Cinema For Peace Awards Celebrate Real Heroes

by Margaret Gardiner February 21, 2015

The surprisingly strong sounds of a gospel song sung acappella washed over a small group of luminaries gathered at SoHo House Friday, at the invitation of Jaka Bizilj, Chairman of the Board of Cinema for Peace. The scene was fitting for an event organized to promote peace and human rights through socially conscious cinema – a welcome counterpoint to the frivolity that can permeate awards season. CFP, which counts Leonardo DiCaprio and Mikhail Gorbachev as patrons, honors films that promote humanitarian causes and further multi-cultural peace and tolerance.

The voice at the Soho belonged to 103 year-old Amelia Boynton Robinson, the catalyst for Dr. Martin Luther King’s invitation to Selma that resulted in the historic march across the Edmund Pettus Bridge, and led to the brutal attack by State Troopers on unarmed civilians. The violence resulted in an outcry across the world. The march from Selma to Montgomery, recalled in this year’s Golden Globe-nominated Selma, was a turning point for African Americans’ struggle for voting rights, and the pride of her part in that achievement is apparent in the dignity and sharp mind Amelia displays.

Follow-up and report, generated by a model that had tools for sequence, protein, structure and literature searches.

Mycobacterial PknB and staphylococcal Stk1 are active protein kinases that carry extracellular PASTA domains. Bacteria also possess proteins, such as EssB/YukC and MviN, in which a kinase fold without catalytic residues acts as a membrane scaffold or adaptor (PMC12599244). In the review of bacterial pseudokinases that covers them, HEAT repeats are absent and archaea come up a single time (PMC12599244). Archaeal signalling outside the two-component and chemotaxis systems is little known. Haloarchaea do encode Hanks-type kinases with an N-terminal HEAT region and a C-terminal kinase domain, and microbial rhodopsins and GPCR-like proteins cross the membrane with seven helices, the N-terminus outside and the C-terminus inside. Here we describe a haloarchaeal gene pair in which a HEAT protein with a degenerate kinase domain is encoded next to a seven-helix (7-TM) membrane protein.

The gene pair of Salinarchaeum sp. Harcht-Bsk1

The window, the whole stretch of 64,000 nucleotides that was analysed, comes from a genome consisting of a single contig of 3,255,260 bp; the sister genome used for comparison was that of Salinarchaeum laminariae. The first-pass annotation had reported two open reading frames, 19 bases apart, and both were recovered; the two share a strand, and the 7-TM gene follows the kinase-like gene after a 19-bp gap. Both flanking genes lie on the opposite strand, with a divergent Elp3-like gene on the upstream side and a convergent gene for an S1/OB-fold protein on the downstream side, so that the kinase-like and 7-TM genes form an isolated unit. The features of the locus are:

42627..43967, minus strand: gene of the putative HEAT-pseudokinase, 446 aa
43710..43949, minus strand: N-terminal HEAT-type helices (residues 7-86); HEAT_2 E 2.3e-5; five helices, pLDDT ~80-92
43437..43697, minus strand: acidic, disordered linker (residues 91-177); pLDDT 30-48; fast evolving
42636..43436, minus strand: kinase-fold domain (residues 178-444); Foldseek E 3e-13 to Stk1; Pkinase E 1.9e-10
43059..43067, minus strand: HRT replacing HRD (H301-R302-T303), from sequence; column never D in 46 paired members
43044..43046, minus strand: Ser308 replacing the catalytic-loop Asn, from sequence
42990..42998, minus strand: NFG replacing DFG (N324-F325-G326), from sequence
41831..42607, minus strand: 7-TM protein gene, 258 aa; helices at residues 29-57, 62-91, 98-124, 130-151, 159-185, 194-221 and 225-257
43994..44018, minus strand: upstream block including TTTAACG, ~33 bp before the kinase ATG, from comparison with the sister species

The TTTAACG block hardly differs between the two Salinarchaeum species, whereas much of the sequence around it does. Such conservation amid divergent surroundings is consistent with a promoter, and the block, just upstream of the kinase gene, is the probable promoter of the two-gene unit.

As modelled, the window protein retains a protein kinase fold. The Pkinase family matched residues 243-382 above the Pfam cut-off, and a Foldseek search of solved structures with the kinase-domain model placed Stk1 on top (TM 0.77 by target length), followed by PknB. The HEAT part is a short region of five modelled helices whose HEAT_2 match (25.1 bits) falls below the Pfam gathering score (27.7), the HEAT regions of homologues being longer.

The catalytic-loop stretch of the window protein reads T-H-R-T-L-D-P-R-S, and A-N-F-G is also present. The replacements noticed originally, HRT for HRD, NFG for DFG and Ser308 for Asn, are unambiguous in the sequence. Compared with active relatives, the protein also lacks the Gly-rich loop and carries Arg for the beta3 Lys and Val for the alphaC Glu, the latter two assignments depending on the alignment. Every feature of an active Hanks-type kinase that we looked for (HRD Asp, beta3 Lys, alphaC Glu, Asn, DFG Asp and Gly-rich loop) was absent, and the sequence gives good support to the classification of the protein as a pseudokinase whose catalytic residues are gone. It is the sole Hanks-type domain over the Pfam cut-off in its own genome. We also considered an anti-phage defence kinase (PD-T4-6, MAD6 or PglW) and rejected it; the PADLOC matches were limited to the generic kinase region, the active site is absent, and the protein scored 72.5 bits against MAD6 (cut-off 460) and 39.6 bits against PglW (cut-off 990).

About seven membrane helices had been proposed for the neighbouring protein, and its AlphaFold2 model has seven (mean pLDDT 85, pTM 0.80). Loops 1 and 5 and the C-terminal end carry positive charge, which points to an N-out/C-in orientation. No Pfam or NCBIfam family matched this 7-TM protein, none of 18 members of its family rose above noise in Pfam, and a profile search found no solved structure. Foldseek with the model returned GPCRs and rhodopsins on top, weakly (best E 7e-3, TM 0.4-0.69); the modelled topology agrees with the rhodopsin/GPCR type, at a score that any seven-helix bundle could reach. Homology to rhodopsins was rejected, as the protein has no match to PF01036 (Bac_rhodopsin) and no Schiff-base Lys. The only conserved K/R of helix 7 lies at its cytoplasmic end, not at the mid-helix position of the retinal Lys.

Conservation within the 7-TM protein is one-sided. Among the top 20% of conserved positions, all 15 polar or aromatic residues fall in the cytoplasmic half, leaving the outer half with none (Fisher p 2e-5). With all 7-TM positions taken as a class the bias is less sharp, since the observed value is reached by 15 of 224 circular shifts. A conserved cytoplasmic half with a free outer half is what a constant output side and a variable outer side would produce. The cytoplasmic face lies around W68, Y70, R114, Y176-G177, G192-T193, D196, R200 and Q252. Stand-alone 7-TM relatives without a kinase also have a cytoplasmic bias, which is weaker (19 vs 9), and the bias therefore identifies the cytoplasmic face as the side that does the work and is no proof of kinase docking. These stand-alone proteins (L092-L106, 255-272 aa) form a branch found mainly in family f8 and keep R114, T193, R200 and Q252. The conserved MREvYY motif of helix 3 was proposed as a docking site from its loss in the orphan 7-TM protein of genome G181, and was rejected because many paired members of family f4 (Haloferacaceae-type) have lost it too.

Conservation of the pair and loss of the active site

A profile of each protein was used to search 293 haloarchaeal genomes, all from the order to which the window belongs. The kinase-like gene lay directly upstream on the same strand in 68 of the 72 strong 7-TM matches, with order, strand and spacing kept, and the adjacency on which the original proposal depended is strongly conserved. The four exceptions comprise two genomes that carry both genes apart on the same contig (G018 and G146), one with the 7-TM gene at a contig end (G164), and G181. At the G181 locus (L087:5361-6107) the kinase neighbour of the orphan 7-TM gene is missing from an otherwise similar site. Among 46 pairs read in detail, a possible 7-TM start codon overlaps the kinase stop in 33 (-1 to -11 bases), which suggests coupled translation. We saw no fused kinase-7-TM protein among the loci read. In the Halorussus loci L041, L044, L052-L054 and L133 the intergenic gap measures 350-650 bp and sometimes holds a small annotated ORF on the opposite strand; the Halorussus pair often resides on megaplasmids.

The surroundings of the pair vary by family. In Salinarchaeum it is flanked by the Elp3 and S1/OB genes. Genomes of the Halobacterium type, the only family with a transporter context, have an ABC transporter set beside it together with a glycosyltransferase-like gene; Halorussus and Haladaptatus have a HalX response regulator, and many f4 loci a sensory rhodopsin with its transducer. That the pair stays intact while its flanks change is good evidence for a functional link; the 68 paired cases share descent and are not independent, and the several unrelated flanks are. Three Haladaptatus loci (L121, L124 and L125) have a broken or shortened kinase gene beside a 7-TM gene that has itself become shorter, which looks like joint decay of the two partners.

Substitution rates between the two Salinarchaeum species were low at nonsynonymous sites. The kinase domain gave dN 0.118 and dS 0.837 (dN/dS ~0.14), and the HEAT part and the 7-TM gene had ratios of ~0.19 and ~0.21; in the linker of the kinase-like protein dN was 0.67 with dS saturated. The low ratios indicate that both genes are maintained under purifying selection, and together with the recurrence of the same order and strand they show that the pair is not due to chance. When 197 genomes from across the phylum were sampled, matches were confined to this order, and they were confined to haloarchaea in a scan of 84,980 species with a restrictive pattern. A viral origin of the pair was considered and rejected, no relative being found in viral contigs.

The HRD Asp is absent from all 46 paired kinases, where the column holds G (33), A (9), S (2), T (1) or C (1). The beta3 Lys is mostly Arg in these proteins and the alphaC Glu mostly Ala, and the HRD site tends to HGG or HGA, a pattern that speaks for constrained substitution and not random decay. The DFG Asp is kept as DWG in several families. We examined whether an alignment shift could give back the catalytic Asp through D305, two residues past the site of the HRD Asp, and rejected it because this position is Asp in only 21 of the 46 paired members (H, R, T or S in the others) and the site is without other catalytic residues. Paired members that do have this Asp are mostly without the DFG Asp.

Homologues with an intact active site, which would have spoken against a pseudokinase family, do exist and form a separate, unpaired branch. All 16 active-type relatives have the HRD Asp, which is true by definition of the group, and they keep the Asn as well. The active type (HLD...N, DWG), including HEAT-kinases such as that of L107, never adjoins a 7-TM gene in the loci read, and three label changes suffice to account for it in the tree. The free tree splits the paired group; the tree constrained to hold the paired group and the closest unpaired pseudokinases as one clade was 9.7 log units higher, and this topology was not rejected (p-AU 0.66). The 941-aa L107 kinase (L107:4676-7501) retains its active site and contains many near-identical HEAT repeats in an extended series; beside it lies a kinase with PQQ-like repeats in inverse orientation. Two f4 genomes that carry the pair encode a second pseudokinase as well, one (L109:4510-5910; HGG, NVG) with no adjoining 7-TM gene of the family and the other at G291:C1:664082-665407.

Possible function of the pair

Seated in a wheelchair, her speaking voice was soft enough that you had to crane to hear, but the content of her simple words are worth the effort and resonate today. “I knew it wasn’t right that we were not treated equally,” says the frail woman after receiving the Nelson Mandela Award for the hands of Kweku Mandela Amuah, the grandson of South Africa’s own Nobel Peace Prize laureate. Asked where she got the courage to stand up to authorities she answers, “My mother always told me that I should walk straight. We needed to change how we were seen. We needed to get rid of hate.”

The family of Louis Zamperini was also on hand to accept the prize for Unbroken, directed by Angelina Jolie. The film chronicles the journey of Zamperini, from Olympian to prisoner of war who was brutally beaten and tortured by Mutshuhiro “Bird” Watanabe. Both Louis Zamperini and Amelia Boynton Robinson epitomize people who have been targets of discrimination and physical abuse, yet have survived and advocated not revenge,
but forgiveness.

Abderrahmane Sissako’s  French-Mauritanian film Timbuktu about jihadist oppression in Africa was also honored for its depiction of victims of religious hatred. Past honorees have included Sean Penn for his work in Haiti, Leonardo DiCaprio for his contribution to environmental issues, and Ben Affleck for his Eastern Congo initiative. The Cinema for Peace honorees are voted on by a jury of filmmakers, producers, and journalists.

Margaret Gardiner